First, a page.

S spots three deer in the brush on the bank.  I take a poor photo - hand held, in a canoe, on a dark and drizzly day, but the velvet stubs of the antlers, antlers just beginning to grow - is worth hanging onto the image.

A short trip and a damp and chilly one at that.  This is not what most people would call the finest of days, but most people don't have S in the canoe with them.

Saturday, May 18, 2013

What you are doing is beautiful

Its a warm and cloudy day when I put in just upstream of the tide gates on the West River.  The last time I was here, it had just rained the day before and the river was running faster than I expected.  Today, the current is sluggish and it takes less than half as long for me to paddle up to the big tree that lays across the river just below the first bridge.

I push through the branches, snapping off enough of them to leave a path for me to use later. 

I know that the drainage runs quite a ways from looking at maps, but small rivers like this don't necessarily have enough water to canoe.  Much of this one looks like a dark blurred streak on the satellite photographs with little open water to be seen.  I expected a wetland that might be explorable, but instead I find a creek sized river that passes through tunnels of trees and several more bridges.  A man walking his dog next to the river greets me saying, "What you are doing is beautiful."

One at a time, I spot four black crowned night herons, all flying...perhaps the most beautiful of the herons.  Also, one great blue heron, five osprey, a pair of male wood ducks, and a green backed heron...a dinosaur bird for sure, when on the wing.

green-backed heron

I find a plastic garbage can, so I fill it.  It is impressive how almost all litter is plastic.  I even find a motorcycle helmet.  Fortunately, it is empty.

I turn around when I run out of enough water to float the canoe while wading.  On the return, I can see that the river has dropped with the tide.  Apparently, the tide gates stop salt water from coming upstream such that the river backs up some.  While not has critical as some of the small tidal rivers, coming here at high tide might add an extra mile of upstream travel.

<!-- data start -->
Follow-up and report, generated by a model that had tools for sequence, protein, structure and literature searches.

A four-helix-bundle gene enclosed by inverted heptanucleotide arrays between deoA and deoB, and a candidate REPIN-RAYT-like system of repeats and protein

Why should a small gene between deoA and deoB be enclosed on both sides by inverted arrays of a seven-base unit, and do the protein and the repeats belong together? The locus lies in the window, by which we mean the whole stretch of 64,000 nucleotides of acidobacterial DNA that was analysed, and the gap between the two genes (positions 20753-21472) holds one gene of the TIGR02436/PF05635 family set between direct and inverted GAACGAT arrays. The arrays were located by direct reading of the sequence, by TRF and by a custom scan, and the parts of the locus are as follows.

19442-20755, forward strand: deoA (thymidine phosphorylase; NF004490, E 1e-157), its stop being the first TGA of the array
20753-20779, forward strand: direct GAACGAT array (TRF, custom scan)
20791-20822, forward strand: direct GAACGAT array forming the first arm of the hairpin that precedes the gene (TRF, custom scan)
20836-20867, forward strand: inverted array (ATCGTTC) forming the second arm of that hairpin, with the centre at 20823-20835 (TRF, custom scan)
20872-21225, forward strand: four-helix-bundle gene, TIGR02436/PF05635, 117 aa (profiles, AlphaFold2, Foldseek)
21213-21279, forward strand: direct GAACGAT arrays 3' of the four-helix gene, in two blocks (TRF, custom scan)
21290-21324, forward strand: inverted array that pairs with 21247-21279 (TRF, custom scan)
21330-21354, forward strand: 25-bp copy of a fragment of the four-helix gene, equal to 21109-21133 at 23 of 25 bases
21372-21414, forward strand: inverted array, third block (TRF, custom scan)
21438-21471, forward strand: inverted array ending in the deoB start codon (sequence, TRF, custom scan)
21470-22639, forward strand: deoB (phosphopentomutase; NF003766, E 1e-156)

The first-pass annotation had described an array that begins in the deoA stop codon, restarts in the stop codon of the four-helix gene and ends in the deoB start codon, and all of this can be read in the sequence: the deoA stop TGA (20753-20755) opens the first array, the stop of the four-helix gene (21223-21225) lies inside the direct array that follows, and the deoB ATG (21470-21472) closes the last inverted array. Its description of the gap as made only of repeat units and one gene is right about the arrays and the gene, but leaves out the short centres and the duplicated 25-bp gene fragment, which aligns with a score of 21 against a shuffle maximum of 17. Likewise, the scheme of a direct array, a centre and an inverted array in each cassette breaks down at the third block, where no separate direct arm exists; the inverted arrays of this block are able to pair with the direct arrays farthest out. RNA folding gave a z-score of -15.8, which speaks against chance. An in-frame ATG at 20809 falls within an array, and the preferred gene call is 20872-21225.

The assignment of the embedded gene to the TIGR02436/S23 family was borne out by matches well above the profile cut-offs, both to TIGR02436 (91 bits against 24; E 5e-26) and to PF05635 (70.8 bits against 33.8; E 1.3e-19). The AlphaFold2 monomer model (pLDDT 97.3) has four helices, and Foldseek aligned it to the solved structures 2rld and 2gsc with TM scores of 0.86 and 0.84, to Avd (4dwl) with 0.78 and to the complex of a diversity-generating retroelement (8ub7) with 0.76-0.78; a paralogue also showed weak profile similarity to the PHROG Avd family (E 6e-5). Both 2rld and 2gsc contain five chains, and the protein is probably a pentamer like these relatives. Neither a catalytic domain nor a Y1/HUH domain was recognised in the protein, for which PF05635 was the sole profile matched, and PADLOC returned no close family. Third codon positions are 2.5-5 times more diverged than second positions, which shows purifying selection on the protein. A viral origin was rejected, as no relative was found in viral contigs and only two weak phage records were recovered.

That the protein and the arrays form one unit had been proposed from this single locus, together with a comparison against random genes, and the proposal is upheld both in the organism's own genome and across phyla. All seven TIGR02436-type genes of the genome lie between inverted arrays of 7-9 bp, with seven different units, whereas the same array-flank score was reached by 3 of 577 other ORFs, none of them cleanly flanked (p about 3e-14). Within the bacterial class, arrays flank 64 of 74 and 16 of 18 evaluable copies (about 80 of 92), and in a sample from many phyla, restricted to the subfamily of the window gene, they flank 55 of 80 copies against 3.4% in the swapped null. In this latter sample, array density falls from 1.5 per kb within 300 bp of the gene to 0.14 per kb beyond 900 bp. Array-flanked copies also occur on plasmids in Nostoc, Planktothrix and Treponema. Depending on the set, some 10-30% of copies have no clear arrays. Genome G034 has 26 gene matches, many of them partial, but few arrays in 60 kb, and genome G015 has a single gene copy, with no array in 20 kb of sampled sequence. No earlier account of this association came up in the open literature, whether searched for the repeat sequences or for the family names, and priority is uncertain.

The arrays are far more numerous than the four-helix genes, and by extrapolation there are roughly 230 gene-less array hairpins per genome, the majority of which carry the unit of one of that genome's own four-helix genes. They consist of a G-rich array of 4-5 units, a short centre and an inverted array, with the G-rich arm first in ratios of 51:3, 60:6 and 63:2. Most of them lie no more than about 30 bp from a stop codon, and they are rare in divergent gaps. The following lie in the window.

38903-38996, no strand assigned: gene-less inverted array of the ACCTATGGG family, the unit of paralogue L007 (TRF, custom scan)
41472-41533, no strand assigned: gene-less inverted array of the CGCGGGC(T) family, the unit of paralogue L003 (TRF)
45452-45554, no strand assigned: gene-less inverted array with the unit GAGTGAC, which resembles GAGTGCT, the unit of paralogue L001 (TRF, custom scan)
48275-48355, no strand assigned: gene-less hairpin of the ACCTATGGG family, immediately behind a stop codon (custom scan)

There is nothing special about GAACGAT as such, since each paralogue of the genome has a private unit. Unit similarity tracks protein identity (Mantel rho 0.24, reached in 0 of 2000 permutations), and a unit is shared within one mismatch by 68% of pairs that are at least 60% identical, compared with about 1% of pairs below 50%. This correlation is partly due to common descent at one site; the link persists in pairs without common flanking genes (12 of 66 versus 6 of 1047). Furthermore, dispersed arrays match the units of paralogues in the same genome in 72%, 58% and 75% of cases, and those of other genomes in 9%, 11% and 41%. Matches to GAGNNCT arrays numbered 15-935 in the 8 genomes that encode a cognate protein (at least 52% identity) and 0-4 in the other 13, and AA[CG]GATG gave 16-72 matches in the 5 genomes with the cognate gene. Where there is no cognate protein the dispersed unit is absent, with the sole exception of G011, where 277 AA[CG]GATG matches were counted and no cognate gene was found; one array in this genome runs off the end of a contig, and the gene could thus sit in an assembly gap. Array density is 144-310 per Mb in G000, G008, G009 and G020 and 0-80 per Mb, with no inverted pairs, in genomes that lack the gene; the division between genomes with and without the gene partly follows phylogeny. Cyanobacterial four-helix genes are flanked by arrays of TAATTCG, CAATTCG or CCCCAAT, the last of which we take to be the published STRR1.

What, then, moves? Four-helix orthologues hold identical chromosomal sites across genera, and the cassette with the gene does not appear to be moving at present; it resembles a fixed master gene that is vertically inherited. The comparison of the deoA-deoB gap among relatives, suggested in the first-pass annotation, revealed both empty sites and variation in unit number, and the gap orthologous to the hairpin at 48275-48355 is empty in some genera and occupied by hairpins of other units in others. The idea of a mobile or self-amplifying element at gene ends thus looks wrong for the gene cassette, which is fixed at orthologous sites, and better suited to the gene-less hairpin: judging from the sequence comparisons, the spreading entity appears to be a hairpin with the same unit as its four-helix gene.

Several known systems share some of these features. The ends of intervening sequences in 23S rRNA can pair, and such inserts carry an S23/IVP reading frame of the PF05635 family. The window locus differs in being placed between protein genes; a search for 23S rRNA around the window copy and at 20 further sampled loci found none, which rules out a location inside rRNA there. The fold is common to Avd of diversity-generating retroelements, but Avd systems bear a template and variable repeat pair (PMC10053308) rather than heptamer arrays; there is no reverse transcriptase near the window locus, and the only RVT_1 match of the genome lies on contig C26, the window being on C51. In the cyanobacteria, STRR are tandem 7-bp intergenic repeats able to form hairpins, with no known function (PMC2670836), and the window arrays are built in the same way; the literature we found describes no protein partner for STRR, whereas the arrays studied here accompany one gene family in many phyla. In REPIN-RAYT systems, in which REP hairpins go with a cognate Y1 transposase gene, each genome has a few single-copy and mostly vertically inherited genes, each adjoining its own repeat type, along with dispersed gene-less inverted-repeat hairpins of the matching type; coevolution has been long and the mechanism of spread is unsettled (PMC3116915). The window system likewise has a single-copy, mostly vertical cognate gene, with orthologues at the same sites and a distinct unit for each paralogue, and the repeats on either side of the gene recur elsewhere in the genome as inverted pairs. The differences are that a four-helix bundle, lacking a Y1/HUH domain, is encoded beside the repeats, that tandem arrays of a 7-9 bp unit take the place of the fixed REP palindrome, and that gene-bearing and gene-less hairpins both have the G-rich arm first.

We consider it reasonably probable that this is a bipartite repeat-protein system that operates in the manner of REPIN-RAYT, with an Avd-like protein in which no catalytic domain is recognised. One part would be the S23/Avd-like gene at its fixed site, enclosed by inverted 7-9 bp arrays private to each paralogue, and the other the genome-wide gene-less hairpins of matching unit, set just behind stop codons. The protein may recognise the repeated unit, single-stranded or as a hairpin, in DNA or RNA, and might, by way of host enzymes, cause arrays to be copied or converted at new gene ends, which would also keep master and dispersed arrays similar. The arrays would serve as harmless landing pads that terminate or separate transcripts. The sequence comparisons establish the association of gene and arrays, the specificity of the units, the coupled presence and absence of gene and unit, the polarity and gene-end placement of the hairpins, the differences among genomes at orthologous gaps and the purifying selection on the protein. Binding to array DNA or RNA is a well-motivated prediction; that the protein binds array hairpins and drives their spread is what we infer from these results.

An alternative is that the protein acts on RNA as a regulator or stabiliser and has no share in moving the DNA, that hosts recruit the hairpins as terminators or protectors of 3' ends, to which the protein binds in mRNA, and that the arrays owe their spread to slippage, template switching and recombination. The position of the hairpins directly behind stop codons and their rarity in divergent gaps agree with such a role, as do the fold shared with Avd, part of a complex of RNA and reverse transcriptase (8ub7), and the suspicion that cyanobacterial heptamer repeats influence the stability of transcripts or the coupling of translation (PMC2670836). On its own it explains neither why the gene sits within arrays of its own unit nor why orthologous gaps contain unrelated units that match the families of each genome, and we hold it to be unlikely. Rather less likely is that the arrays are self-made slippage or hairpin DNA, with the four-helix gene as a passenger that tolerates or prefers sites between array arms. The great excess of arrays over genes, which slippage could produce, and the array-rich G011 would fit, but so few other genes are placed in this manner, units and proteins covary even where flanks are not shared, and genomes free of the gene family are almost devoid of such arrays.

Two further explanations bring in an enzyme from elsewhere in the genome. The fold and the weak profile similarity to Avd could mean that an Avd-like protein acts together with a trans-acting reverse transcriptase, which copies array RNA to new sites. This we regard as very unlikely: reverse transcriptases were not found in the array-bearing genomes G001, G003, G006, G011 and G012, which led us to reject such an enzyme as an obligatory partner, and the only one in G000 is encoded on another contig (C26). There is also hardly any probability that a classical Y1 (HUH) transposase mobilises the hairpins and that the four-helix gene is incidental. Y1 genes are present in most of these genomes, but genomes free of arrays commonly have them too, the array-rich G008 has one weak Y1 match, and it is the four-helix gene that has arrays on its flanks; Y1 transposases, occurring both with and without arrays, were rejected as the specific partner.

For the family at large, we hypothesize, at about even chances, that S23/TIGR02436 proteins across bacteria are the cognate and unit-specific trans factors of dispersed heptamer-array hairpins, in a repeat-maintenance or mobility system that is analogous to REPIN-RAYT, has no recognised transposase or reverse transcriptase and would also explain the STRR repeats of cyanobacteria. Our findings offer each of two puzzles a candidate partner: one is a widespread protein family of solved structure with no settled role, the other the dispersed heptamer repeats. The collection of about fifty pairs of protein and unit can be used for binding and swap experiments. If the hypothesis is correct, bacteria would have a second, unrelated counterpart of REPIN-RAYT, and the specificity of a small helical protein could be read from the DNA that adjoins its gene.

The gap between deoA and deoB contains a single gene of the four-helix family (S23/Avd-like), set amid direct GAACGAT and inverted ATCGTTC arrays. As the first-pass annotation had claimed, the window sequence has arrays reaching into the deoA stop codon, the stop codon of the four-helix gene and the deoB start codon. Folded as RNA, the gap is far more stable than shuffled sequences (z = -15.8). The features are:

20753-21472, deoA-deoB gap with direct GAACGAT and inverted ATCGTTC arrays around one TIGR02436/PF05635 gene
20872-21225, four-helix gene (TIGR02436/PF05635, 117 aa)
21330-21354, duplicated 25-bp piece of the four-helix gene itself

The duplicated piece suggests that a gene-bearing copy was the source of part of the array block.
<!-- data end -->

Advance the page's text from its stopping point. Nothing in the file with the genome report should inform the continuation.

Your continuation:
Tuesday, May 14, 2013

Chains of Lakes

I often paddle rivers, salt marshes and open salt water.  But somewhere near the core of canoeing is the passing through chains of lakes.  I had been led to believe that the Bolton Lakes, upper, middle and lower, were connected by navigable channels.

I started at the bottom of Lower Bolton Lake, not just because it would automatically make me canoe the entire length of the lakes, but more because it got me out of the car as soon as possible.

It was an okay lake - not quite a mile long and a bit more than a half mile wide.  It was pretty much lined with houses, spread out or tucked back into the trees enough so that they weren't annoying.  Two other boats were out on the water, but one had to look carefully to find them.  A third was launching as I started.  They were all fishermen hoping for bass.  There was not too much to see.

At the top of the lake, I found that the channel was not a channel, but an earthen dam with a low head spillway.  I portaged an easy 75 yards on the west side, passing a well used fire pit and causing some geese with goslings to take to the water without much hurry.

The middle lake was also an okay lake.  It too was lined with houses, although they were spread out more than in the lower lake.  Narrower, but about as long, a wooded point with a nearly hidden gazebo split the lake into two bodies.  There was not too much to see, but there was no one on the lake.

Middle Bolton Lake
The top of the lake was a low road with a well submerged culvert leading to the upper lake.  It was a very easy portage of 20 yards.

Upper Bolton Lake

The upper lake was a whole different matter.  It was the gem of the three, the hidden garden that made the trip through the other two more than worthwhile.  Not as long as the middle lake and narrower still, it bent dogleg around a point so that i did not know that more lake was coming until I got there.  It seemed to be two feet deep everywhere, and so grew a healthy crop of three types of pond lilies (lilies are particular as to water depth) from the large yellow flowered lily pad to an oval half-palm sized plant which reminded me of plants that I saw in Lake Ozette, which is about as far west as you can get from here staying south of the border with Canada.  Song birds, swallows, Canada geese, and some distant woodpeckers shared the lake.  There were no houses - the forested edges guarded swampy semi-land, and the swampy semi-land protected the lake shore from development.